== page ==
Suozzi represented New York’s Third Congressional District in Long Island for three terms until 2022, when he ran an unsuccessful campaign for governor. The same cycle, Santos secured the seat by nearly eight points.

The former congressman was more well-known within the swing district compared to Pilip, who is a Nassau County legislator. The Republican previously served in the Israel Defense Forces (IDF) before immigrating to the U.S.

“Special elections are rarely good proxies for the national mood, because local factors can be just as important as national factors in any given congressional district,” Mark Weaver, a veteran Republican strategist, told the DCNF. “So in New York’s Third District, the fact that the previous congressman was returned doesn’t necessarily mean a Democrat trend anywhere other than that district.”

WOODBURY, NEW YORK - FEBRUARY 13: Democratic U.S. House candidate Tom Suozzi celebrates his victory in the special election to replace Republican Rep. George Santos on February 13, 2024 in Woodbury, New York. Suozzi defeated Republican Mazi Pilip in a race closely watched nationally as the presidential race heats up. (Photo by Stephanie Keith/Getty Images)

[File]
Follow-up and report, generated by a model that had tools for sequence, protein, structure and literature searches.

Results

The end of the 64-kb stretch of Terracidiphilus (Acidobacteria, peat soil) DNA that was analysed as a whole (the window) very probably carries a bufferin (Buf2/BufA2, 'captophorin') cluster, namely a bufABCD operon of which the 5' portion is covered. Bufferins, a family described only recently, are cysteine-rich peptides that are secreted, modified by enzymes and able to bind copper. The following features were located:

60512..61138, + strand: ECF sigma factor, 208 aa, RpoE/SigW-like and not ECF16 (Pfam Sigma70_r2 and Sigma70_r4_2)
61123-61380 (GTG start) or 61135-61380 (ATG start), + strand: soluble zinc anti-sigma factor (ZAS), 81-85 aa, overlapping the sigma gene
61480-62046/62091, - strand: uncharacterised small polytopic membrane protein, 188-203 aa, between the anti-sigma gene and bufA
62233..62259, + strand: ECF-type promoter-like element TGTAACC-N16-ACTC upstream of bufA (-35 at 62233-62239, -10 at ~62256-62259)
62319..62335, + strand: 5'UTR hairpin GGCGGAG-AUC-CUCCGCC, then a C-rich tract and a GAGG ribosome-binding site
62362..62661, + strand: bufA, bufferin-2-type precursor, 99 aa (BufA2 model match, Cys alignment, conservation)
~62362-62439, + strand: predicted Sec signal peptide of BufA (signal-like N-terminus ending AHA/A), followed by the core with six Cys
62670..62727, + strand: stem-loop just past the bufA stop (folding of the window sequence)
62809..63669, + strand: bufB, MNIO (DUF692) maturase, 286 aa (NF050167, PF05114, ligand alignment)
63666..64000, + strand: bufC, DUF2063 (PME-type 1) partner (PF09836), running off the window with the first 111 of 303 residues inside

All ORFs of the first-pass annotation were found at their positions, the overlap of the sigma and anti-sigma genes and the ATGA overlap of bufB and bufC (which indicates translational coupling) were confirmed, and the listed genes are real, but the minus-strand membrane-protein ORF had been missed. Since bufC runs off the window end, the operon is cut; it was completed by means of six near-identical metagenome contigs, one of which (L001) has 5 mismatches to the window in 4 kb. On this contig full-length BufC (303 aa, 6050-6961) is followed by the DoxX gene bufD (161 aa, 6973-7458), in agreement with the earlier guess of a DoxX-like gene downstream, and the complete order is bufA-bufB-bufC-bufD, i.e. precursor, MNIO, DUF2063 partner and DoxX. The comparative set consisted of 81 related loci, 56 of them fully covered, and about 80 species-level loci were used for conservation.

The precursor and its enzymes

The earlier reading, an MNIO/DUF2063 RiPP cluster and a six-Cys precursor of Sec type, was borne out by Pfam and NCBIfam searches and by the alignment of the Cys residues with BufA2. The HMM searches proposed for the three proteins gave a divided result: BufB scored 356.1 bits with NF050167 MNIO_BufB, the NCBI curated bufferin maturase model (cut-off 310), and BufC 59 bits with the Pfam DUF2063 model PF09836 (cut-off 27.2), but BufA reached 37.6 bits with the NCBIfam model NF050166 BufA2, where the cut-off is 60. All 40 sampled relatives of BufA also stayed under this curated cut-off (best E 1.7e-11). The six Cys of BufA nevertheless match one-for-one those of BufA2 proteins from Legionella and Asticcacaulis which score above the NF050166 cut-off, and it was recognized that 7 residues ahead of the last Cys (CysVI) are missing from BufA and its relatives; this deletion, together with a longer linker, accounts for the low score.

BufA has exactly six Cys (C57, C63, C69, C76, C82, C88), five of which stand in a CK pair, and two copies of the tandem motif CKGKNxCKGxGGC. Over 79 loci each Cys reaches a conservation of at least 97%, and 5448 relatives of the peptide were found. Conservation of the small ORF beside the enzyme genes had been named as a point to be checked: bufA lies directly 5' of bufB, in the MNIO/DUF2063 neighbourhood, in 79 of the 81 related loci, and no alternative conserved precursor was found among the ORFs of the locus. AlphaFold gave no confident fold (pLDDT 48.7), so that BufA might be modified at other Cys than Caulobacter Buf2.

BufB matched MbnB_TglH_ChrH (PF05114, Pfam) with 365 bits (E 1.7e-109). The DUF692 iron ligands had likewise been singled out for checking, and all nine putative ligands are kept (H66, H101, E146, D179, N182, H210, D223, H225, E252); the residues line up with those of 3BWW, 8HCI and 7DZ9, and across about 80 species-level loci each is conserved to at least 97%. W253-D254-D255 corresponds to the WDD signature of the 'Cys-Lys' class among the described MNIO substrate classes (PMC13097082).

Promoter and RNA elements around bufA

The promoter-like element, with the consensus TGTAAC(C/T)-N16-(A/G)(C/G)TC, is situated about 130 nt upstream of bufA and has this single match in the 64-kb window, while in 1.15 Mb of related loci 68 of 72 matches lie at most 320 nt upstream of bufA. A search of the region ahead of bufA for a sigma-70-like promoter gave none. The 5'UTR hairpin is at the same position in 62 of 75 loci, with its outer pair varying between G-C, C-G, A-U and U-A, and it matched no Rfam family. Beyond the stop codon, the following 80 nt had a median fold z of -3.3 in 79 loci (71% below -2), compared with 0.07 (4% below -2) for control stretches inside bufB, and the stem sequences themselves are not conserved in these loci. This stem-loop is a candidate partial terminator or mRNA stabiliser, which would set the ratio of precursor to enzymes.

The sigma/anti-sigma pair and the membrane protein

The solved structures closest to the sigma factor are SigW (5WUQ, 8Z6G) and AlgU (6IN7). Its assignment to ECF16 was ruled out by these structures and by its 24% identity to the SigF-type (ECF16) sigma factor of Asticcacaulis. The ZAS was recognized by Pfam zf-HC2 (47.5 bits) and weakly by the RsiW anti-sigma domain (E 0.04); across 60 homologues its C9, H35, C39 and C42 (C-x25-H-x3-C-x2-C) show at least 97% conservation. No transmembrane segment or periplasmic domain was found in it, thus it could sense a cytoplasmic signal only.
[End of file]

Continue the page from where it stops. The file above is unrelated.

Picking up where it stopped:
WOODBURY, NEW YORK – FEBRUARY 13: Democratic U.S. House candidate Tom Suozzi celebrates his victory in the special election to replace Republican Rep. George Santos. (Stephanie Keith/Getty Images)

President Joe Biden won the swing district by eight points in the 2020 election. However, a Siena College poll released Feb. 8 found the district favoring former President Donald Trump, the clear frontrunner for the Republican nomination, by five points.

Suozzi, for his part, hardly mentioned Biden on the campaign trail, and told CNN he didn’t think it would be “helpful” if the president campaigned with him ahead of the race. Suozzi even took aim at the president over his handling of immigration, which was a top issue to voters in the district.

“Biden can’t run away from Biden, but this guy sure could — and he did,” said Jennings. “And, you know, I think that’s a lot easier to do in a special election, a low turnout special, than it is in a general election when obviously you’re going to be running underneath the presidential campaign.”